and this one:
Quote:
And unlike court orders, criminal prosecutions can benefit from 20-20 hindsight. They thus allow prosecutors to ignore the many cases in which doctors said the very same things that they said to Ms. Rowland, and outcomes proved the doctors to be very much mistaken.
Reading this called to mind the coroner -- who could not even determine what the baby died of, much less the moment death occurred -- but who nevertheless asserted that a c-section performed at some unspecified earlier point in time would definitely have saved the baby's life, something even the surgeons who ultimately performed the surgery didn't dare claim. Incredible using such "evidence" as the basis for a murder charge.




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by manaclaire:
Personally, this story adds to my prejudice against hospital births as procedures that take control of your body
I'm with you there, mamanclaire. I had my last one at home, despite having mostly positive feelings toward my hospital vbac ob/midwife team, for precisely this reason.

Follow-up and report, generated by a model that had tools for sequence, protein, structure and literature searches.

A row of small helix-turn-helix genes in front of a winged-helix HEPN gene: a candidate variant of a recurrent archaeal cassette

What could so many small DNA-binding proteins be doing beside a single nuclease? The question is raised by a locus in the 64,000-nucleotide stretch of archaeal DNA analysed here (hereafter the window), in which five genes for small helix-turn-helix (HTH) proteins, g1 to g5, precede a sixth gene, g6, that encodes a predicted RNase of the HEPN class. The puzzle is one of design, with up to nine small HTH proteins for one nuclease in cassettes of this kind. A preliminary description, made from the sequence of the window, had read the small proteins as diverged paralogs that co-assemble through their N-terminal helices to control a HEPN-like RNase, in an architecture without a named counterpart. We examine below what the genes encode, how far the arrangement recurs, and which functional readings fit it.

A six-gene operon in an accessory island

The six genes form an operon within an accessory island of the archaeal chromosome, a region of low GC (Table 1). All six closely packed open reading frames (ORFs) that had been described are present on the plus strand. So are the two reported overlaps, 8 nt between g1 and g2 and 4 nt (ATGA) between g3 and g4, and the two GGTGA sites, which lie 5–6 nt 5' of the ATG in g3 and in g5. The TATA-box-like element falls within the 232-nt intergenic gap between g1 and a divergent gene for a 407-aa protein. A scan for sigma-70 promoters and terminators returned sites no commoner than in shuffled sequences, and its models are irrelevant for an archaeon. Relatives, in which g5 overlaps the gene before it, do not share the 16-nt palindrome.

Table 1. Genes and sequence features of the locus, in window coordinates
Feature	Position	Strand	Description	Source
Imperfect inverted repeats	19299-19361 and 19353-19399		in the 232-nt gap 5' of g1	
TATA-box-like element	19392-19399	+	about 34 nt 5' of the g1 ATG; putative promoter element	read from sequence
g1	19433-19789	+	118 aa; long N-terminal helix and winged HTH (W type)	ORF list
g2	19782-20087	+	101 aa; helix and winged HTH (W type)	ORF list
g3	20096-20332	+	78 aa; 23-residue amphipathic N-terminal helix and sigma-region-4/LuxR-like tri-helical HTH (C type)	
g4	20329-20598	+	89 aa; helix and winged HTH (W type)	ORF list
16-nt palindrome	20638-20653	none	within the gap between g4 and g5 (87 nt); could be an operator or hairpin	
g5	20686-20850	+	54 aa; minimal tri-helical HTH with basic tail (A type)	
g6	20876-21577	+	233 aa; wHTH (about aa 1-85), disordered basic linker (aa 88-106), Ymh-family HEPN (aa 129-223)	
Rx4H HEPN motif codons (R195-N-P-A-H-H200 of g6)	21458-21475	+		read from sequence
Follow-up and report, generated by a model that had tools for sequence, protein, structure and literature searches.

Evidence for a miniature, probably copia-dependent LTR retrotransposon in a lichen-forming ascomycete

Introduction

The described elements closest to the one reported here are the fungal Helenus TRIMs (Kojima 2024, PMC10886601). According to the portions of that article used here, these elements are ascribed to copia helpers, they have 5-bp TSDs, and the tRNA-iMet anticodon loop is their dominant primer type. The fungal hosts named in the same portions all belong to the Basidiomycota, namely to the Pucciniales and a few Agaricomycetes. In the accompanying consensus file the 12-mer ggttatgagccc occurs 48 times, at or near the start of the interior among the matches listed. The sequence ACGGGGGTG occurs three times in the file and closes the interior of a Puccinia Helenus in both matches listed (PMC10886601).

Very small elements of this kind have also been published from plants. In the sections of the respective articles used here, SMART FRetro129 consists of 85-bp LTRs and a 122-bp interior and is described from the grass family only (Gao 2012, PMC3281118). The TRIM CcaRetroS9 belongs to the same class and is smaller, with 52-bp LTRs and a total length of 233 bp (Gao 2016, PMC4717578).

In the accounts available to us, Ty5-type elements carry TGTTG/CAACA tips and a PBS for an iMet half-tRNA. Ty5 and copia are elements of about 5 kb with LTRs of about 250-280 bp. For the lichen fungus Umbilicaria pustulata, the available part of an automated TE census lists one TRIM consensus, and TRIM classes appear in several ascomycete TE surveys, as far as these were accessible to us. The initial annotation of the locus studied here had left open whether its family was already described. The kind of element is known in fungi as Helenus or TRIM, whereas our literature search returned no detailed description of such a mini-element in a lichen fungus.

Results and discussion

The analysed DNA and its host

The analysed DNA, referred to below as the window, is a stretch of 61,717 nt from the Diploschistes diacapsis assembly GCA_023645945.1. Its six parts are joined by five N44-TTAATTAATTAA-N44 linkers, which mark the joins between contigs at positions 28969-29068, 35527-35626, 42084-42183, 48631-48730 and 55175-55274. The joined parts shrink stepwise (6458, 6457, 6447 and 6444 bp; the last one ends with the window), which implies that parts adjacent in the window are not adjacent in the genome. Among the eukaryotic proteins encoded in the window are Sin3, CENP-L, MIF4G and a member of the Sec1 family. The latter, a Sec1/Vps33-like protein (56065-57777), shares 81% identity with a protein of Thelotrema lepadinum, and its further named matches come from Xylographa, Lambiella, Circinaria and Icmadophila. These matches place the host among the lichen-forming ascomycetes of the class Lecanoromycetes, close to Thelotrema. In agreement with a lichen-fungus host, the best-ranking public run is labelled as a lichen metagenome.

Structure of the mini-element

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#334 of 357 Old 03-29-2004, 02:38 AM
 
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I wrote a letter to the editor to correct an error in an article about this. The article stated that "the autopsy showed the baby would have lived if delivered by c-section." I wrote in and said no, that's not what it showed, it showed the day the baby died. There is no guarantee that a severely compromised baby would have survived the procedure.

My letters almost always get printed. We'll see about this one...
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#335 of 357 Old 03-29-2004, 11:06 AM
 
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Quote:
Originally posted by lollaleeloo
Here's an interesting article on the subject.
http://www.cnn.com/2004/LAW/03/19/co...ion/index.html
What a great article! It was well-written and accurate IMO. Exactly what I think, except I wouldn't have been able to articulate myself so well.
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#336 of 357 Old 03-29-2004, 01:07 PM
 
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Originally posted by Gr8flmom
I still don't understand how she can be charged with murder if abortion is legal at anytime during a pregnancy.